Realisation is the first step
Every year, when we hold Carers Rights Day, it’s an opportunity to raise awareness of caring. People don’t see themselves as unpaid carers but as partners, wives, husbands, sons, daughters, and close friends first. Yet, providing unpaid care to someone who has a health condition, who is older or who has a disability, can have a profound impact on their health, wellbeing, paid work and relationships.
Around 6,000 people are new to caring every day. On average, it takes two years for someone to identify as a carer and, as a result, they often miss out on practical and financial support. During the pandemic, supporting carers has become more important than ever. Carers UK estimated a potential growth of carers of 4.5 million, 2.8 million of whom were working – many becoming carers overnight.
Our mission, as part of Carers Rights Day, is to encourage action which raises awareness of caring and carers and supports them to find out moreabout their rights and entitlements. Our resources focus on important carers’ rights that are almost universal – including the right to an assessment, eligibility for a free flu jab, asking GP practices to identify them as carers, and the right to be identified and consulted before a relative is discharged from hospital.
Working and caring
We’re also focusing on carers’ rights at work, including the right to request flexible working and time off to care if there is an emergency. Our new research finds that 72% of carers worry about juggling work and care and nearly half of carers (52%) say they have an understanding employer.
However, one in four carers don’t have supportive employers, which is something we can and must change if we are to keep carers within the labour market. We know that, whilst employers have made changes during the pandemic to support carers in the workplace, others still need to go further, otherwise their employees will have no choice but to reduce their working hours or give up altogether. Find out more about supporting carers at work in our new report.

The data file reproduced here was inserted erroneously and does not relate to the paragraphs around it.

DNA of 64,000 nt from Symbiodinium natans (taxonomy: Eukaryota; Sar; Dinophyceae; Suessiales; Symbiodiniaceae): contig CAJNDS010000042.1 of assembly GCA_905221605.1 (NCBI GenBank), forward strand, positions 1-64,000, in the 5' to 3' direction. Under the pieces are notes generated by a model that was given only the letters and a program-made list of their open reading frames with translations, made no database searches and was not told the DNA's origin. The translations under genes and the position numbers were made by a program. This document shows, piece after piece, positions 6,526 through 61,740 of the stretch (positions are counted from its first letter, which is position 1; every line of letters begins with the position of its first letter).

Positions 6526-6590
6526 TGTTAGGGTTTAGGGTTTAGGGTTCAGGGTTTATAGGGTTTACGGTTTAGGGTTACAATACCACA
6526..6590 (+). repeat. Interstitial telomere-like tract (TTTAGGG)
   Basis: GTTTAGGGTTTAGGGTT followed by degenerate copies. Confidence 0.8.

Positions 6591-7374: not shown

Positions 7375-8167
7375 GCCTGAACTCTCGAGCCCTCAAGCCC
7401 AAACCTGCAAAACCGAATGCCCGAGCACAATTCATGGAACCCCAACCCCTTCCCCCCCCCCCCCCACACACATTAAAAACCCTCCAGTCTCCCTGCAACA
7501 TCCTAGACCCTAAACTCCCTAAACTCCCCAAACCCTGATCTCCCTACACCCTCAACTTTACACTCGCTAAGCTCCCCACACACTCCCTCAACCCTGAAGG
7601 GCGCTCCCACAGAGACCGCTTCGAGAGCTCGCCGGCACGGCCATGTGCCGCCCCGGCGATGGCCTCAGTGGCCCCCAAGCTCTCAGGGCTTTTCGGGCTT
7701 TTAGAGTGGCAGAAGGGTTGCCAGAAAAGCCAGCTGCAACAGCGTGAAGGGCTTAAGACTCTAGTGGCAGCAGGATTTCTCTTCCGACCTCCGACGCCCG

Unpaid carers make up an important part of our workforce. A staggering one in three people identified as unpaid carers in the NHS staff survey and similar proportions of employees in social care are doing the same. Most of us will assume caring responsibilities during our lifetime. We have a 50:50 chance of providing care by the time we are 50 years old – women by the time they are 46 and men 57; 11 years later. Some people start their journey as young carers, others when they are thinking about retirement.
The business case
Helping carers to juggle work and care also makes economic sense. Employers are very familiar with the recruitment and productivity costs of staff turnover, particularly within social care.
Government has pledged to introduce up to a week’s unpaid carer’s leave, which Carers UK has welcomed, along with a consultation from the Department for Business, Energy and Industrial Strategy (BEIS) proposing the right to request flexible working from day one rather than after 26 weeks of employment. Both measures would help carers to remain in work for longer, which is what the majority of carers want to do.
If you want to support carers, then encourage your employer to be an early adopter of carer’s leave and encourage them to go one step further to make this paid. Encourage them to join Carers UK’s good practice forum, Employers for Carers. Look at measures like Carers Passports in the workplace. Above all, help people you know or connect with to identify themselves as a carer and signpost them to support. Help us use Carers Rights Day to make sure that carers don’t miss out.